John H. Chipman, Jr. Post #89
Grand Army of the Republic Hall
People have visited this site.
Questions, comments, Please e-mail us at: email@example.com
This site was created by:
Stephen P. Hall
117 Cabot Street
Beverly, MA 01915
© 1999, 2000, 2001
Capt. John Hale Chipman, Jr.
October 2nd 1838 - June 16th 1866
By Stephen P. Hall
[Note: To aid the modern reader the webmaster has added links to other sites that will provide additional data relating to the people and events mentioned in this article. The underlined text on this page contains links to pages at other web sites. Please use the back button on your browser to return to this page after visiting these sites.]
Capt. John Hale 6 Chipman, Jr., son of John Hale5, [Joseph4, Rev. John3, Samuel2, John1] Chipman, Sr. and Elizabeth (Hill) Chipman, was born October 2nd 1838, in N. Beverly, MA. On February 14th, 1861, John Hale Chipman, Jr., married Martha E. Patch, daughter of Ephraim & Hannah E. (Eaton) Patch. John Hale Chipman, Jr., was a "cordwainer" or shoemaker by trade.
When the first call to arms went out on April 15th 1861, he a groom of only three months, left his young bride, with three hours notice, to join the fight to preserve the union. The 22 year old, first signed up in Boston as a private in the 8th Regiment, of the Massassachusetts Volunteer Infantry, which at the time was a three month enlistment. This group left the state of Massachusetts on April 18th 1861, for Washington, DC, and he served there until he was muster out with the rest of the militia on August 1st 1861. This regiment followed the 6th Regiment to Baltimore, MD, but they were spared the riots, by bypassing the city. During this time John H. Chipman, Jr. was "prostrated by hemorrhage from the lungs", and returned home. It is most likely that he was exposed to someone in the Regiment who had tuberculosis or "consumption," and this was the first sign of that "fatal" disease.
Rapidly recovering, he once more enlisted, in Co. "E", 8th Regiment, on August 11th 1862, this time at the rank of Corporal, and this enlistment was for a 9 month period. This time the 8th was organized at Camp Lander, in Wenham, MA, and moved to Boston on 25 Nov. 1862, and thence on the steamer "Mississippi" to Moorhead City, NC, and then to New Berne, by November 30th. They had garrison duty at New Berne until June of 1863. But Co. "A" and "E" detached as a garrison at Roanoke Island, NC from 4 Dec 1862 to 12 July 1863. They moved on July 12 - 13 to reinforce the Army of the Potomac at Funkstown, MD, and then to Rappahannock on July 16-22, 1863. He, along with the rest of the Regiment were ordered home on July 26th and mustered out, on August 7th 1863. The regiment lost 11 men to disease.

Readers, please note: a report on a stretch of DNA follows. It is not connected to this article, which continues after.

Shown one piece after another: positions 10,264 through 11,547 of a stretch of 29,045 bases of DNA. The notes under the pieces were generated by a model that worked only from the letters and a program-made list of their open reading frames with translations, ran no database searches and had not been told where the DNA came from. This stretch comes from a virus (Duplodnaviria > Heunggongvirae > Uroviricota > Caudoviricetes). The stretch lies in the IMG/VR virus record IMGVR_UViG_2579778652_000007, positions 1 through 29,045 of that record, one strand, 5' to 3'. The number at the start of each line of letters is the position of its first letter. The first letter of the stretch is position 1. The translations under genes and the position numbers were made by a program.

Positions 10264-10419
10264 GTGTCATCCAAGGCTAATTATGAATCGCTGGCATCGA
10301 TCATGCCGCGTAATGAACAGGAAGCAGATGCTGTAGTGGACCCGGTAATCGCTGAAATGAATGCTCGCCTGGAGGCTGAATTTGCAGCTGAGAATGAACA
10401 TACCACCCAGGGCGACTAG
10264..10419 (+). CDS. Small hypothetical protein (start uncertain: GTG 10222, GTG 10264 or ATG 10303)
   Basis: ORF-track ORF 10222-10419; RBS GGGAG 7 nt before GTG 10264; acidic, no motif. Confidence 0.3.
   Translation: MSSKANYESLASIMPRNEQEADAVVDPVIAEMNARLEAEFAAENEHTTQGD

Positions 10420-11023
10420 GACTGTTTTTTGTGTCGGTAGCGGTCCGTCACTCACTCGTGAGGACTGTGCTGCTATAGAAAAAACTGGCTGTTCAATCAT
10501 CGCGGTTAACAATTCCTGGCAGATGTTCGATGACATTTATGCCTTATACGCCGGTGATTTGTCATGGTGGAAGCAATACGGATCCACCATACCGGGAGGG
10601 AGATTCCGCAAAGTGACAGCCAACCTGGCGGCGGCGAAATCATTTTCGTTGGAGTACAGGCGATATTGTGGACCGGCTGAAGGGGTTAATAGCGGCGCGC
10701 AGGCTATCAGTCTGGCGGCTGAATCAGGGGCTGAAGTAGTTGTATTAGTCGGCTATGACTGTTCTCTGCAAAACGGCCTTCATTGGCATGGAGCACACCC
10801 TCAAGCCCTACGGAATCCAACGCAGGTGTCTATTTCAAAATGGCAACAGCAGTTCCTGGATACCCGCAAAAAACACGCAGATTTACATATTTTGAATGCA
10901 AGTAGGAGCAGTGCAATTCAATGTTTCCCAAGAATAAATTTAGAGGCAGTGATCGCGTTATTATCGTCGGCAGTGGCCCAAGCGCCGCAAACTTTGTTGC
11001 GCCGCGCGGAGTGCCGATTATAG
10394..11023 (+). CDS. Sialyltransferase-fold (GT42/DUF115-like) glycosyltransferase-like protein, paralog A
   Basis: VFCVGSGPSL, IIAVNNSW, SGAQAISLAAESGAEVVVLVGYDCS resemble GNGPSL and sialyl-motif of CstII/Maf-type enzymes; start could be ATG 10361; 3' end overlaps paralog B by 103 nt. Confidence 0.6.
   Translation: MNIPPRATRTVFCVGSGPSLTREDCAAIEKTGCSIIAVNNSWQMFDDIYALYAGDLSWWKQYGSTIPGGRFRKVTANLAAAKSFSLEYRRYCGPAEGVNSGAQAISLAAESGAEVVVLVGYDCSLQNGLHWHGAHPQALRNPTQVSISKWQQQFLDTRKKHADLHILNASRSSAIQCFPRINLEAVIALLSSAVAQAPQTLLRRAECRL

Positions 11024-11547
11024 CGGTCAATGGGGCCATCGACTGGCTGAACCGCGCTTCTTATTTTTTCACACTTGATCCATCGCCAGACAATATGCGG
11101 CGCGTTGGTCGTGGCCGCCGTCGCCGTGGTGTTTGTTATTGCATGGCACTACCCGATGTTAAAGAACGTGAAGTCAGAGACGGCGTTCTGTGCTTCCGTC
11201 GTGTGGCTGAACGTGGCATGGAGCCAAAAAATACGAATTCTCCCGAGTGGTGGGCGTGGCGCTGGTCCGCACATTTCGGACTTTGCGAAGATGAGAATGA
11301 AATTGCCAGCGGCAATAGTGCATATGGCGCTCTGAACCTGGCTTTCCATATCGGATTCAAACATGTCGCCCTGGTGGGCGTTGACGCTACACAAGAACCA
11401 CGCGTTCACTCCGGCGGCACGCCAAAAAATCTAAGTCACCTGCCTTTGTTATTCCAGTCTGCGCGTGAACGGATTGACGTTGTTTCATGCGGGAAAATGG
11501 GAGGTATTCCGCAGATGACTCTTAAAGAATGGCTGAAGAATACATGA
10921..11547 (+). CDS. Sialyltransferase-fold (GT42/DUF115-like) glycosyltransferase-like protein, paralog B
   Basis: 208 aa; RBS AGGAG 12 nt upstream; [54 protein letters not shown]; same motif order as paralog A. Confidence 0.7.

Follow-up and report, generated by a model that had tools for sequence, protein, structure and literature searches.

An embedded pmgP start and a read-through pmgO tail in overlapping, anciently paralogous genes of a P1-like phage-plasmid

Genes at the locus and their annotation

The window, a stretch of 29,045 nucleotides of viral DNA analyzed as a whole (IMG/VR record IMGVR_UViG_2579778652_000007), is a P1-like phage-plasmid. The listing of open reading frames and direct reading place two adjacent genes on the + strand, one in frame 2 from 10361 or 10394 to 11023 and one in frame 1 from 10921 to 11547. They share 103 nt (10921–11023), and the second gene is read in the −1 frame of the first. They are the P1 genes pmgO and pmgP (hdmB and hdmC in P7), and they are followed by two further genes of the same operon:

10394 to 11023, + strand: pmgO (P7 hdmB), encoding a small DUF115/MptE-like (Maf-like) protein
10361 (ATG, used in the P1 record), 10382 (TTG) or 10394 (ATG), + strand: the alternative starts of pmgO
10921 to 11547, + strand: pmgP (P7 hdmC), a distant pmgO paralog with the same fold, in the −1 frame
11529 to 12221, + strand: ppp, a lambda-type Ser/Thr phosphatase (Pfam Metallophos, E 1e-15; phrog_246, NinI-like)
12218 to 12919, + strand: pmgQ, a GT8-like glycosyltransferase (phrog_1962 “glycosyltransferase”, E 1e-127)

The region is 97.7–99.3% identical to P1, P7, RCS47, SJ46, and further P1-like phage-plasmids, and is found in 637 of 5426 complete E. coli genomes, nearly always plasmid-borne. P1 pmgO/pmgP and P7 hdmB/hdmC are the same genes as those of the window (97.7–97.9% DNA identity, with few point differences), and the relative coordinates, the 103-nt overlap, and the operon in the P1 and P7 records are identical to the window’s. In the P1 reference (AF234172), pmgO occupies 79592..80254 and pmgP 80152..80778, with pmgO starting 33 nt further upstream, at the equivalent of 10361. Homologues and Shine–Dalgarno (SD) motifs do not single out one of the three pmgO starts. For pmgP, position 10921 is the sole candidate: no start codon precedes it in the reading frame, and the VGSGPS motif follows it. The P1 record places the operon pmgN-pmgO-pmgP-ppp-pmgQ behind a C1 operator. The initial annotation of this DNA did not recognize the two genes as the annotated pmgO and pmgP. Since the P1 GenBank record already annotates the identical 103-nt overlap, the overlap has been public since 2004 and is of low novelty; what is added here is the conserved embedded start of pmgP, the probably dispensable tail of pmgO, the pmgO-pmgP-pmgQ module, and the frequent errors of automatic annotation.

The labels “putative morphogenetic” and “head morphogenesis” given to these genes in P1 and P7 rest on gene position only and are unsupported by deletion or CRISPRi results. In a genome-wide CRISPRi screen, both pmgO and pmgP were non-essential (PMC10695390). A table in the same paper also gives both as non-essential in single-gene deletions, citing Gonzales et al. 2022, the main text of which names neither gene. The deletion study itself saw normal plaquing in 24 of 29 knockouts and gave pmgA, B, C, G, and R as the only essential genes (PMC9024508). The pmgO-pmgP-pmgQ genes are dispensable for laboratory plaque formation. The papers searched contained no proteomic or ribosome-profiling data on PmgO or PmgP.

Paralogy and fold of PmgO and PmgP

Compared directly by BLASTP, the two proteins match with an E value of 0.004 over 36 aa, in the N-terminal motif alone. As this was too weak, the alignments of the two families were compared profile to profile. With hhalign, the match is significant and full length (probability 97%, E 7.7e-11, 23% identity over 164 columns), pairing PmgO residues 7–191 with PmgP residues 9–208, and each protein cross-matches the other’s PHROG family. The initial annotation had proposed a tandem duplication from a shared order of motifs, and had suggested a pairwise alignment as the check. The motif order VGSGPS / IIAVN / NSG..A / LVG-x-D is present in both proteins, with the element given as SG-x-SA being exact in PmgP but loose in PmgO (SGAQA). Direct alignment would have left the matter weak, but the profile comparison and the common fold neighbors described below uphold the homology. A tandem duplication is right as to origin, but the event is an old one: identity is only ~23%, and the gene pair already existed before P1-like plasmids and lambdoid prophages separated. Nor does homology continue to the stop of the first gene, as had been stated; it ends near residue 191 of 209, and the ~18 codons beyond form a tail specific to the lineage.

He was not home more than a two months, when he re-enlisted yet a third time, in the newly formed 59th Infantry Regiment. This time he received the rank of 2nd Lieutenant, commissioned on 13 Oct 1863. Four days later his wife presented him with his first and only child, a son, Frank Ellsworth Chipman. The newspapers of the day noted that "Lieutenant Chipman had been busy finding recruits in Beverly, for his regiment". He would stay in Beverly for several months and during this time he was promoted at least once, or perhaps twice, for on December 16th 1863, he was commissioned Captain.
[Photo courtesy of G. M. Oldenbourg]
It was noted in the February 6th 1864 issue of The Beverly Citizen that, "The members of Company "C" 59th Mass. Regt., have presented to their commander, Capt. J. H. Chipman, a fine regulation sword, straps and belt, the whole costing $100." The regiment left for Washington, DC, April 26th and then on to Rappahannock Station, VA. The campaign proceeded from the Rapidan to the James from May 3rd until June 15th, 1864. The regiment was in the battle of the Wilderness, from May 5th-7th, Spottsylvania, May 8th-12th, Ny River, on May 10th, and Spottsylvania Court House, May 12th - 21st, 1864. They then assaulted the North River, May 23rd-26th. They were on the line of the Pamunkey from May 26th-28th, Totopotomoy, May 28th- 31st, and Cold Harbor June 1st-12th, 1864. It was at Totopotomoy Creek, VA, on May 31st 1864, or possibly Cold Harbor, that Capt. John H. Chipman was wounded in the hand. He came home on furlough to recover, and as the medical help was better off the field of battle, this probably saved his life. He was home for about two months when he was called to return.
On August 12th 1864, he rejoined his regiment in the rifle pit at Petersburg. At the age of 26, he was put in command of the entire regiment, because "Col. Gould had lost a leg, Lt. Col. Hodges, being killed, and Major Colburn at home wounded." A few days after his return he was "sent to Weldon Road to intercept the rebel communication with Richmond, and while conducting prisoners to the rear, he fell into a rebel ambush, and was taken prisoner. Stripped of his hat, boots, sword, and haversack he was marched into Richmond and then to Libby prison." While at Libby he was stricken with Typhoid Fever. He was later transferred to Salisbury, NC, and finally to Danville, VA.
On February 23rd 1865, he was released, and returned home. But the diseases of war would not leave him. Simultaneous with his own decline, his wife, developed what was most likely "consumption" from her earlier contact with her husband. They both shared a sick room for the next year, with she predeceasing him on March 8th 1866, only a few months before his own death on June 16th 1866.
The 5 year old orphan Frank E., was sent to live with grandparents for the next ten years, until their deaths in 1876, when he then lived with a guardian.
The sword case and sash of the "captured sword", passed through Frank E. Chipman at his death in 1942, to his son John H. Chipman, III, and then to his nephew, John H. Chipman, IV. As late as 1970, it was still in his possession.
On September 1st 1995, John Hale Chipman, IV, died at the age of 46.